One of the largest wrecks in Falmouth Bay is the Caroni River, a 7807-ton oil tanker. She struck a mine on January 20th 1940, just after she had left the Harbour to carry out engine trials, and she sank with in the hour. This caused a bit of a panic back in Falmouth because the area had recently been swept for conventional mines, and no reports of any aircraft dropping parachute mines had been made. This left only one answer, a German mine laying submarine, which was capable of laying up to nine mines.
Since the Caroni River had hit one, this left a possible eight mines floating around the busy Bay area. A hasty sweep was made using the Caroni River’s last course and speed as a guide. Sure enough during the next couple of hours eight mines were safely detonated. The Navy at Falmouth however were still very worried. How on earth had the German submarine managed so close inshore at night without running into something? A trip around the Bay that night soon revealed the fact that St. Anthony’s light was well silhouetted against the night sky and it made a very good transit mark with the flashing light of the Manacles buoy. The buoy was quickly extinguished and was not relit until after the War.
The charts of Falmouth Bay show three wrecks right slap in the middle of the Bay. These are in fact all the Caroni River that broke into three pieces as she sank. Today the wreck lies on a bed of sand and shellet in about seventy five feet of water. The visibility is good, usually twenty feet and the wreckage is scattered over a very large area.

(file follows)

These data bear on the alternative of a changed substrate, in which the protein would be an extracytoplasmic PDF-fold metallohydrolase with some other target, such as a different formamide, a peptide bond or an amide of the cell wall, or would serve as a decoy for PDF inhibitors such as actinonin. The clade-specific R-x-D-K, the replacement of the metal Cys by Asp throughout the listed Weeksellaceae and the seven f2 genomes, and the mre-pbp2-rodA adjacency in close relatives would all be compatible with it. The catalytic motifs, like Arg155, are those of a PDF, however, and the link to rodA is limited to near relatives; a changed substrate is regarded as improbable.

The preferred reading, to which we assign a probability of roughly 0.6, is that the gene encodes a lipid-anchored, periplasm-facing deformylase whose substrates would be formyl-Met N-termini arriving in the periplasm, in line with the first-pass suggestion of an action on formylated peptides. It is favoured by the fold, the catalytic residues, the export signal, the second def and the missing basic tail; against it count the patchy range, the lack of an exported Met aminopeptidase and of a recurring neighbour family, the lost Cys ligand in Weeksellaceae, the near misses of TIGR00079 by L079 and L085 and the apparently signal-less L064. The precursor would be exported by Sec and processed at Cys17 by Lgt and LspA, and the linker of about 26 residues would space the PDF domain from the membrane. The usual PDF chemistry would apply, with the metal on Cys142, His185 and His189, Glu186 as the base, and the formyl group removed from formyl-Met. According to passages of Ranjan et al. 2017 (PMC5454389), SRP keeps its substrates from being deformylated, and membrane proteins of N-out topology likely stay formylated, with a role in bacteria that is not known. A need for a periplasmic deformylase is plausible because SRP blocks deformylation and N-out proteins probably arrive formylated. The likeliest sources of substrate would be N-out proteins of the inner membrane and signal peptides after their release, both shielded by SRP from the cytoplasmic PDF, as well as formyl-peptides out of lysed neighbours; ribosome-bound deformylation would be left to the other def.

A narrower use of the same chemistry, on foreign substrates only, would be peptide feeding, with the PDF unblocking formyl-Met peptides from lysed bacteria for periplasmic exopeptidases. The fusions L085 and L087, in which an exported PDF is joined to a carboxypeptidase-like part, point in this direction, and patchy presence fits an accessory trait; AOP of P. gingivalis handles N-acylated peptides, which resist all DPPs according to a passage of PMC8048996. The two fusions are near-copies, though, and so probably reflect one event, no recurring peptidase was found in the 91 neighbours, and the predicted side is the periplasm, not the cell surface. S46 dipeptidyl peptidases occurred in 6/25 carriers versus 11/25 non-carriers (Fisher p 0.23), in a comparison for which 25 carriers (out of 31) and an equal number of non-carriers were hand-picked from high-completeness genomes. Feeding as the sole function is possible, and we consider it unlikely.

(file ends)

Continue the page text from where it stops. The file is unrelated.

I am grateful to James Martin for the 1930 crew list below. His father in law was on the ship at that time.
One of the main surprises was the large numbers of cuckoo wrasse that inhabit this wreck. Here in Plymouth we expect one or two but this seemed like a busman’s holiday. There are large amounts of plating and ribs scattered all about and it is very difficult to decide which bit is which. On the bit I was diving on there was a large section of hull that looked like the bow.
Other than that it is all just a huge jumble of plating and pipes. The fish life is quite good, the usual pouting and small wrasse and there are some small lobsters. Considering the amount of wreckage I would have thought there would be more variety. Generally the Caroni River is a good but uninspiring wreck, even so I feel that I have not seen it at its best so will dive it a few more times to see if my opinion changes.
I am very grateful to Susan Potts-Bury for the following information and photo’s of her Dad.
Hi, I am writing up my family tree and I am adding the meat to the bones, so to speak. So seeing your article about the Caroni River is of great interest to me.
My Father sailed on the Caroni River for 16 months just before the war. His indenture with Houlder lines of 4 1\2 yrs. (He was on the Elstree Grange first) was up and as he could see war was imminent he decided to join the R.A.F. and be on the winning end of a bomb – he didn’t fancy sitting on an oil tanker while it was being bombed by the enemy.
In a book about his life he wrote a little about being on the Caroni River. He said that although by today’s standard it was small – to him it looked magnificent. He joined at Falmouth and they sailed to Curacao in the West Indies, Basra and other Gulf Ports picking up oil and transporting it to Europe, Africa and South America. Voyages lasted eight months. My Father finished his indenture in May 1938. Seeing now that the Caroni River ended up being destroyed by a mine – my Father was right to get off ships and join the Air Force.